Logo of Phnom Penh Post newspaper Phnom Penh Post - Counterfeit drug-trafficking rife in Kingdom, experts say

Counterfeit drug-trafficking rife in Kingdom, experts say

Counterfeit drug-trafficking rife in Kingdom, experts say

091119_04
A woman accepts money for medication sold out of a box on the steps of her home outside Phnom Penh earlier this year. Cambodia is still struggling to curb the sale of counterfeit drugs.

CAMBODIA IS BECOMING A HUB FOR REGIONAL TRAFFIC IN COUNTERFEIT DRUGS.

CAMBODIA is fast becoming a focal point for regional traffic in counterfeit medication, experts warned on Wednesday at the opening of a three-day seminar.

Organised by the French embassy, the event is focused on eliminating counterfeit drugs from the Mekong sub-region. “Around the world, US$70 billion is spent every year on counterfeit drugs, which kill thousands of people who unknowingly ingest them,” French Ambassador Jean François Desmazieres said in the opening address.

Researchers have found that counterfeit and substandard medicines are bolstering the drug resistance of malarial parasites and in some cases have triggered adverse – even fatal – reactions.

“Cambodia is becoming a hub for regional traffic in counterfeit drugs,” said Anne-Lise Sauterey, coordinator of Southeast Asia illicit trade watchdog The Observatory. Of particular concern is the spread of fake antimalarial drugs, which she described as particularly severe in the Mekong sub-region and indelibly linked to the trade in illegal substances.

“A survey of regional malaria medications found that 50 percent were counterfeit,” she said, noting that the fake drugs were stamped with 80 different varieties of counterfeited verification holograms. Analyses of fake medicine seized in Cambodia between 2007 and 2008 detected the recurring presence of saffrole and metamizole, both precursor substances in the production of methamphetamine.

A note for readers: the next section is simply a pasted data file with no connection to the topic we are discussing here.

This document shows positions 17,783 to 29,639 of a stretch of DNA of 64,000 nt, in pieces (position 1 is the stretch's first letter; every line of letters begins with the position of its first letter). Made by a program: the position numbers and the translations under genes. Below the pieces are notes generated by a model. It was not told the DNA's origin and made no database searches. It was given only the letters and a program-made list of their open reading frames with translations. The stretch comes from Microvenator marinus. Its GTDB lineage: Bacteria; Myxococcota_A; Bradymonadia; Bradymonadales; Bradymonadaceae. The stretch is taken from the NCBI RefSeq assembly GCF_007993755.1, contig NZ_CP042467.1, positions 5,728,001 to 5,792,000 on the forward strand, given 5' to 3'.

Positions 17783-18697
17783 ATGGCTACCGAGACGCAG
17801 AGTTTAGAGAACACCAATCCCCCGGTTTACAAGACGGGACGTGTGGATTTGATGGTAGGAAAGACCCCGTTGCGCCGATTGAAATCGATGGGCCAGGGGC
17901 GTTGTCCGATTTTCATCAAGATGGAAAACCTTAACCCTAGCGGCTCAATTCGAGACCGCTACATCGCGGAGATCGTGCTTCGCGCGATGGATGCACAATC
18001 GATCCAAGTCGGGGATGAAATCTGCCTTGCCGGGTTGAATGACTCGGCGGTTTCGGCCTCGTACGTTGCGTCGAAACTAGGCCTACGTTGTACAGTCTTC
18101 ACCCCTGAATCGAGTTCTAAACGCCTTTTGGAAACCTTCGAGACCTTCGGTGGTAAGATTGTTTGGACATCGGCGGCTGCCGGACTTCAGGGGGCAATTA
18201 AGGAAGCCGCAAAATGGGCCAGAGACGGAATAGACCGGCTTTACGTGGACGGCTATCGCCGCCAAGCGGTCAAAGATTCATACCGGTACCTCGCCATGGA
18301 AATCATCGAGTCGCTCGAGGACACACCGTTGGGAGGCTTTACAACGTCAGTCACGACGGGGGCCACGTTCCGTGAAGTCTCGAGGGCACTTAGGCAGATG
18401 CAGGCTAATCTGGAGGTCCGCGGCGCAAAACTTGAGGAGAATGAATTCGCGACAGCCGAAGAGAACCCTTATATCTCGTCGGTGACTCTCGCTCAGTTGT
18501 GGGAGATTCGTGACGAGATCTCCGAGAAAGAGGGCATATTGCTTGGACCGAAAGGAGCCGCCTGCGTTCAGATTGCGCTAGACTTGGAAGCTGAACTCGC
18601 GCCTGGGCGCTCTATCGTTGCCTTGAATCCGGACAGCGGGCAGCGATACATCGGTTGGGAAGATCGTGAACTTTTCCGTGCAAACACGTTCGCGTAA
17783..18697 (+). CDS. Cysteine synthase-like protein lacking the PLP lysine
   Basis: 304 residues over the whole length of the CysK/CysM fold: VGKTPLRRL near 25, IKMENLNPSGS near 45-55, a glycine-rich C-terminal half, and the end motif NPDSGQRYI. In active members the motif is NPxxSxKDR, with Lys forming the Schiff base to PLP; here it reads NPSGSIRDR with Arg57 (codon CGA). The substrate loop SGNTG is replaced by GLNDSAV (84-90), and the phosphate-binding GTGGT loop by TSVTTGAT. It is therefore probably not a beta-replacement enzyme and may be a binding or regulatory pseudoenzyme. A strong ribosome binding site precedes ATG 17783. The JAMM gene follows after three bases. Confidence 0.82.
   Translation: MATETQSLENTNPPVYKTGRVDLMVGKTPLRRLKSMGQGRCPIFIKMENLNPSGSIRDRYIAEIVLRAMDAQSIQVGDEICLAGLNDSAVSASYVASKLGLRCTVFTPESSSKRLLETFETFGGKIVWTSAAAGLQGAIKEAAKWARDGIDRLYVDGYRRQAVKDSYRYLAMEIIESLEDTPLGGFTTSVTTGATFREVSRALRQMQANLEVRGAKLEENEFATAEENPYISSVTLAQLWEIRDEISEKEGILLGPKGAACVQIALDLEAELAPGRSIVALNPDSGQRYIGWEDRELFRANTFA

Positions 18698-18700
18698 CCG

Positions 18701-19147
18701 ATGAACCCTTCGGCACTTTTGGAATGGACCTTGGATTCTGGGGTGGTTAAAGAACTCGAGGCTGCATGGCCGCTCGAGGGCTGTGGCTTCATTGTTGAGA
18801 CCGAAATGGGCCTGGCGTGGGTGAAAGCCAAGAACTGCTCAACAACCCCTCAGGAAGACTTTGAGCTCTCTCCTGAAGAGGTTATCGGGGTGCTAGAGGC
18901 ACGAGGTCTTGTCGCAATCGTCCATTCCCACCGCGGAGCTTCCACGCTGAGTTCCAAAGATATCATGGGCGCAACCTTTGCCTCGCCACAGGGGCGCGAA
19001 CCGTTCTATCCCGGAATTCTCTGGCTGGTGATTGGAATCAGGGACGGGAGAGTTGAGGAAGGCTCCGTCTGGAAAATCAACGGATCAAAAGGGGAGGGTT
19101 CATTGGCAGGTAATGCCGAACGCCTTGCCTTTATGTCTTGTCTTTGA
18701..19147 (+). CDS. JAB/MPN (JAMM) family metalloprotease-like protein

As much as 30 percent of medication on sale in developing countries is fake or substandard, according to William Mfuko, a technical officer at the World Health Organisation in Cambodia. Pharmacies operating without licences are often to blame, and the government has closed more than 1,000 of them since 2005.

MOST VIEWED

  • Chinese influx pushing locals, Westerners out of Preah Sihanouk

    Some within the Kingdom’s tourism industry have speculated that the recent influx of Chinese visitors may hinder domestic tourism as the price of accommodations in the coastal city of Sihanoukville continues to rise. Preah Sihanouk province, which has become a hotbed for Chinese investment

  • ‘Dire consequences’ from sanctions, warns AmCham

    American businesspeople in Cambodia have warned that any sanction against the Kingdom would have “dire consequences” that could push Cambodia even further into the arms of China. In a letter to US senators and representatives dated Monday, the American Chamber of Commerce Cambodia (AmCham) said

  • CPP: ‘Behave or Sokha suffers’

    The ruling Cambodian People’s Party (CPP) spokesman warned Kem Monovithya on Thursday that her attempt to damage “national reputation and prestige” would lead to her father, Kem Sokha, receiving even harsher punishment. Sok Eysan issued the warning as Monovithya, who is the court dissolved

  • Preah Sihanouk beach developments halted

    After receiving an order from Hun Sen, Minister of Land Management Chea Sophara led a team of experts and relevant officials to Sihanoukville to call a halt to the illegal development of a beach. The prime minister ordered the Prek Treng beach in Otres commune